You’re probably already well aware that healthcare in the United States is a giant, confusing, expensive mess, but an image of a hospital bill posted to Reddit yesterday seems to perfectly encapsulate the problem. The bill shows that a hospital charged a couple to hold their own baby after a C-section. Just how much does it cost to hold your own kid after giving birth? Forty bucks, apparently.
On Monday, redditor halfthrottle posted a bill he received from the hospital after his wife delivered their son via C-section. The $13,000 bill (I know, $13,000! To have a baby!) lists a number of charges, including the surgery and a lactation consultation. Tucked in there for $40 is an item listed as “skin to skin after C-sec.” “During the C-section the nurse asked my wife if she would like to do skin to skin after the baby was born. Which of course anyone would say yes too,” halfthrottle explained.
“Skin-to-skin” refers to the practice of placing a new baby directly on his or her mother’s body immediately after birth in order to promote bonding and breastfeeding. “I was able to hold the baby on my wife's chest,” halfthrottle recalled. “Her arms were tied to the table and the nurse was there to remind me not to let go so the baby didn't fall. She actually took my camera from me and started snapping pictures for me. It was a positive experience for sure.” For his part, halfthrottle seems more bemused than outraged by the hospital charge, writing, “Everyone involved in the process was great, and we had a positive experience. We just got a chuckle out of seeing that on the bill.”
The original Reddit thread has more than 11,000 comments, with many people expressing anger at the idea of being charged to hold your own baby. Unsurprisingly, much of the conversation also hinges on the differences between the respective healthcare systems of the United States, Canada, and Europe. However, a few redditors have chimed in with possible explanations for the charges. One commenter suggested that the charge for skin-to-skin contact might simply have been a matter of documenting what happened during the birth, while redditor FiftySixer wrote,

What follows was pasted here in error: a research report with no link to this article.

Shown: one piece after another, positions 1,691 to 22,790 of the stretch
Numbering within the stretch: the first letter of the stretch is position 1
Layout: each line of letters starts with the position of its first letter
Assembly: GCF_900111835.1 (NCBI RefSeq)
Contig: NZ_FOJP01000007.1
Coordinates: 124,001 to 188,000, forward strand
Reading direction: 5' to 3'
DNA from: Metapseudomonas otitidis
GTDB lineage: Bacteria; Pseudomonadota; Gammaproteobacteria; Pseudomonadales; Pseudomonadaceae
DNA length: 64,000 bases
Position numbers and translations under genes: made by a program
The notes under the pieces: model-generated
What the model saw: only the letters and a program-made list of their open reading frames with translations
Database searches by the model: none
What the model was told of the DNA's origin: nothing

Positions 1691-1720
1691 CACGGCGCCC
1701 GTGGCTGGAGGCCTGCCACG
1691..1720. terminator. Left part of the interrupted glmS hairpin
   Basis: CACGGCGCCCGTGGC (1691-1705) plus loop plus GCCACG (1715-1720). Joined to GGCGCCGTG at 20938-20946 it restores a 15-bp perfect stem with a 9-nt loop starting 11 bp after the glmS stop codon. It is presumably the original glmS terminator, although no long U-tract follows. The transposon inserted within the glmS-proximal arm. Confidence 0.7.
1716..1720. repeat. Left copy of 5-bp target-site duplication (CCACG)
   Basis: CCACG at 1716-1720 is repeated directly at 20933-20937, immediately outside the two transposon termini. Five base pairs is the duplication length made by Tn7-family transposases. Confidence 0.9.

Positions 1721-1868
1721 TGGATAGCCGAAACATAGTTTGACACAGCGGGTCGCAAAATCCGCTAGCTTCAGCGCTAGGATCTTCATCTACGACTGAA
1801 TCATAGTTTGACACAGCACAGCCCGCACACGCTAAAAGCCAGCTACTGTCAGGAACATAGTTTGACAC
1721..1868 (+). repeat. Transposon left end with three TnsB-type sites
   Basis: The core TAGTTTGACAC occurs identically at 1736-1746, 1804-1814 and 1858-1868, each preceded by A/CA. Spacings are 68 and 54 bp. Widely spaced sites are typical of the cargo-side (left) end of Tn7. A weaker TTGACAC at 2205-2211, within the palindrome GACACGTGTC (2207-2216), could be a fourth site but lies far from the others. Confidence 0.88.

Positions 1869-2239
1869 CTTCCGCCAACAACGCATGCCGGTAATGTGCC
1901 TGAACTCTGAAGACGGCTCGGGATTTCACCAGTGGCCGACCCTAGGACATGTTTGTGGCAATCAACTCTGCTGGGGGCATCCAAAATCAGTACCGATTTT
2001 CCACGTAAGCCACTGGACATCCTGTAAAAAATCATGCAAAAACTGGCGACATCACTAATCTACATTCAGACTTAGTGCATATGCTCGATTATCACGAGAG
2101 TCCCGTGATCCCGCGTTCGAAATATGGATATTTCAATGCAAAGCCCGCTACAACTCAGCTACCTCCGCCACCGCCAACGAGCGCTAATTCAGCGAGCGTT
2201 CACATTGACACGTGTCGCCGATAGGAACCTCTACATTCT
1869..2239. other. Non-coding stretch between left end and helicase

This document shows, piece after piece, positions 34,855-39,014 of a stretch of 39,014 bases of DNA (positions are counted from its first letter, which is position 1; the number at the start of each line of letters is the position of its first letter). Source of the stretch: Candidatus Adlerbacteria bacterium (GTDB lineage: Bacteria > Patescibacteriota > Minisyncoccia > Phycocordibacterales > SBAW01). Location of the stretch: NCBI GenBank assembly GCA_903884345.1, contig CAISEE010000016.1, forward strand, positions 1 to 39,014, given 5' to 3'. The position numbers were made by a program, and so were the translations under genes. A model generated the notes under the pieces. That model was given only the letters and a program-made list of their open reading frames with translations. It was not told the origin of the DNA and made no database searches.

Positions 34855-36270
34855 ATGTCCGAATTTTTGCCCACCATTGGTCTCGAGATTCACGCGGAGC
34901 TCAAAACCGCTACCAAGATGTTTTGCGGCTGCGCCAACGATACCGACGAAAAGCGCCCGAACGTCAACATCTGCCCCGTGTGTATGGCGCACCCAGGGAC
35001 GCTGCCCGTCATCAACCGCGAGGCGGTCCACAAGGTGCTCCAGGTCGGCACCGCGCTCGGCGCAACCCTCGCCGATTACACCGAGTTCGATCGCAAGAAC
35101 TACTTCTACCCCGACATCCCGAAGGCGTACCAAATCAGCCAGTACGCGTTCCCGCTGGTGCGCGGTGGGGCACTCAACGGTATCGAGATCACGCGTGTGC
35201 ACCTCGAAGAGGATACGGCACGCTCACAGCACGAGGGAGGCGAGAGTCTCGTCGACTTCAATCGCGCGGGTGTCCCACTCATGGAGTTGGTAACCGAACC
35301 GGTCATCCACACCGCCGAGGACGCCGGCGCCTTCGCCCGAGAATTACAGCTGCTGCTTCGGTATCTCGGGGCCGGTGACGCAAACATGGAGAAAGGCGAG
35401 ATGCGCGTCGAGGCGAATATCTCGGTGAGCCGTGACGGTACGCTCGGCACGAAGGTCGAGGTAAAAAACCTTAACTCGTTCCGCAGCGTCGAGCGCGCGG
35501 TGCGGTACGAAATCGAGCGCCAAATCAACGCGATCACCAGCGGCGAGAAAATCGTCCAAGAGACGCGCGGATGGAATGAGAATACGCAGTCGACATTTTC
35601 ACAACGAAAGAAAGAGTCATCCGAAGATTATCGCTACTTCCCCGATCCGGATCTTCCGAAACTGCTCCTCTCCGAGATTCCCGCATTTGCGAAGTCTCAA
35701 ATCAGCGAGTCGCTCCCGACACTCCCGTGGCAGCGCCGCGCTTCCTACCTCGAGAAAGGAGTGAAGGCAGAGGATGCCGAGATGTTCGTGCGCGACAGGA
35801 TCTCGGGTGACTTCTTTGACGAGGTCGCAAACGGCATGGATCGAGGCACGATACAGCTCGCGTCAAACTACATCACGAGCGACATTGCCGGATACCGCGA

As a labor and delivery nurse, I can kind of explain this. I didn't know that hospitals charged for it, but doing ‘skin to skin’ in the operating room requires an additional staff member to be present just to watch the baby. We used to take all babies to the nursery once the NICU team made sure everything was okay. “Skin to skin” in the OR is a relatively new thing and requires a second Labor and Delivery RN to come in to the OR and make sure the baby is safe.
This explanation coincides with the advice given by Dr. Raylene Phillips in a 2013 article about skin-to-skin contact. That article suggests that a nurse will need to make special precautions when setting up a mother for skin-to-skin contact with a new baby in an operating room, and will need to remain on hand to monitor the pair. These extra safeguards make sense when you consider that, in a post C-section situation, the mother’s arms may be fully or partially strapped down, and she is technically still undergoing surgery as her baby lies on her chest. (Halfthrottle, for example, says that their skin-to-skin contact occurred while his wife was still being stitched up.) Nevertheless, it’s jarring to see a hospital charging for the right to hold one’s own baby, especially because research suggests that skin to skin contact after birth is beneficial to infants’ ability to breastfeed and to their overall health.
We don’t need to paint this hospital as evil or as deliberately trying to scam its patients; there may be valid reasons for a charge like this one. But, as Sarah Kliff at Vox points out, this bill with its seemingly ridiculous charge does illustrate just how obscure and confusing healthcare billing can be. In a country where medical bills send many people into bankruptcy, transparency in healthcare costs is incredibly important.